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Celebrating One Year of HCSM - changing healthcare through social media

On Sunday, January 17th, as a group we celebrated the one year birthday of #HCSM (pronounced "HIC-sum" by those in the know). The event was a special 2 hour chat that included a first ever live audio component. Lee Aase, Director of Syndication (and social media) for the Mayo Clinic and Dana Lewis moderated. Seven participants, I was proud to be one, spoke with Lee and Dana on the state of and future of social media in healthcare. You can listen to the event via the player below or download it as a podcast into iTunes. Thanks to all those who participated:

And a special thanks to the producers of the event:

Finally, and to reiterate what I said at the top of my segment in the audio cast, thank you to the #HCSM community. In the last year we have laid the ground work that is changing the face of healthcare. Every day this group comes up with new ways to improve the patient experience. After all, we are all patients.

Notes from Central Va Healthcare Exec Group talk posted

cvheg screencap Once a month, a who's who of central Virginia healthcare execs convene for CVHEG - the Central Virginia Healthcare Executive Group. The CVHEG is the local chapter of the American College of Healthcare Executives. The group represents a wide swath of healthcare professionals. Recently, I was privileged to address the group as part of a fantastic lineup of speakers on social media and healthcare.

You can find my notes, references and presentation here.

Other panelists included:

What we post today...

I have been thinking a lot lately about the relative importance of social media. Actually, I have been thinking about history. Really, what we know about history is what was recorded by the people who thought those particular details were favorable or important. What's the old saying? History is written by the victors. In a sense, the same thing is true for recent history; take family for example. What do we really know about what our parents were like in high school?  I am inclined to believe my parents were pretty cool cats. I have seen pictures of them before prom, football uniforms and signed yearbooks. But the truth is that I was not there. The truth is that I am seeing their history as told by the victors. Now think about this - think about all the kids growing up in the socially networked generation. What happens when they grow up and have families of their own? Who gets to tell the history when it was already been documented live in real time? Its a mind-bender isn't it? The children of the next generation, maybe even my kids, will have a digital history of our entire lives. Everything we posted, tweeted, flickred, youtubed, regretted, liked, friended, faned.... it will all be there. That embarrassing night in college, videos from our wedding, tweets about the first job. Imagine the internet as the scrapbook of the future. What will our kids find when they google us?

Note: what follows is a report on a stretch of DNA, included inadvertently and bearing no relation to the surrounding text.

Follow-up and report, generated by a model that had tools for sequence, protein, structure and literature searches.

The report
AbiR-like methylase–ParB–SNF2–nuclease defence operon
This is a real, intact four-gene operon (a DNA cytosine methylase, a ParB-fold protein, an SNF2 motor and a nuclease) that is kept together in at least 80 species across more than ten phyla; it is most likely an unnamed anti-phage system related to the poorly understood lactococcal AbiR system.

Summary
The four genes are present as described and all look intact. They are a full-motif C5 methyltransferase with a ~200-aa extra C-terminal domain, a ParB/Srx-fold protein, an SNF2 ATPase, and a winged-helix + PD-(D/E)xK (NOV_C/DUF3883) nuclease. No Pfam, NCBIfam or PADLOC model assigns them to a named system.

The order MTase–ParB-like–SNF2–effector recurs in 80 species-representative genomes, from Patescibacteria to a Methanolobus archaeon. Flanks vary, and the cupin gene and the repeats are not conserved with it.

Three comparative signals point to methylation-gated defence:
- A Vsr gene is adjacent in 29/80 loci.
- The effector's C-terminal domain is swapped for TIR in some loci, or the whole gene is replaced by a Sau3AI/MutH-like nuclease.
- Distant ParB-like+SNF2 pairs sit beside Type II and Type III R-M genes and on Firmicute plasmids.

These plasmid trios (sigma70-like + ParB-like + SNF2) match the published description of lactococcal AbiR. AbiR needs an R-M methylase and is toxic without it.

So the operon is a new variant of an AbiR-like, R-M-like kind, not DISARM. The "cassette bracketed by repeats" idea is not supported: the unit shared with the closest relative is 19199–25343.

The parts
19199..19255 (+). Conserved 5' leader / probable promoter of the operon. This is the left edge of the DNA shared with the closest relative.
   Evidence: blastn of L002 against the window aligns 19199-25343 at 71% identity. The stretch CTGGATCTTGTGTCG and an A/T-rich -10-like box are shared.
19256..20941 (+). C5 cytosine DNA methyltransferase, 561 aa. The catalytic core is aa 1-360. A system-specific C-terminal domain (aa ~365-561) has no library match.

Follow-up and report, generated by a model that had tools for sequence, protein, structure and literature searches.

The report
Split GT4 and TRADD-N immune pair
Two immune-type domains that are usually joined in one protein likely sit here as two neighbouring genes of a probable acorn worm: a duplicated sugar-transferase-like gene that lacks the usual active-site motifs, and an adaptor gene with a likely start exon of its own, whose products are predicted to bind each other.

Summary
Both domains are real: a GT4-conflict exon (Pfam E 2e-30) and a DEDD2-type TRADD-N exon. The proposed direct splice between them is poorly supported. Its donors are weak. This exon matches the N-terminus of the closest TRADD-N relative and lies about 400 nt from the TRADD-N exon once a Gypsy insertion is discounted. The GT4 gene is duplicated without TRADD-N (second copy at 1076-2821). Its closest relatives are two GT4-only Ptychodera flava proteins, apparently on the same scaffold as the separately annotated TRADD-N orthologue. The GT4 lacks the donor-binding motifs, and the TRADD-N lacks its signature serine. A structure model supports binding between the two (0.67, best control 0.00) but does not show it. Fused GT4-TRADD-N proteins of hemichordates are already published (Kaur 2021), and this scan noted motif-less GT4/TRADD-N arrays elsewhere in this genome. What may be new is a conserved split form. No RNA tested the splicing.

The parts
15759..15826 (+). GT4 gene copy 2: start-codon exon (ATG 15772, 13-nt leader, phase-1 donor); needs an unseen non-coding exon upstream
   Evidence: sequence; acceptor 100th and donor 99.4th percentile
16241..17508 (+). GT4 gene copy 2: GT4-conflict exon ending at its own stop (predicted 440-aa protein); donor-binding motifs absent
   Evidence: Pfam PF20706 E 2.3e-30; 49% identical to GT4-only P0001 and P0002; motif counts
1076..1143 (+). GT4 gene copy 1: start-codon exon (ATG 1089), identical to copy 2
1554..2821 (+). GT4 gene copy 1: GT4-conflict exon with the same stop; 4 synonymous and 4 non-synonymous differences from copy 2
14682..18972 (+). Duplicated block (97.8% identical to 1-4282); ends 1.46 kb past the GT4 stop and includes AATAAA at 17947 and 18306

As I started thinking more about the idea - and indeed the importance of the concept itself - it made more sense (at least to my twisted brain) to explore it graphically:

To that end, you'll probably enjoy this presentation in full screen here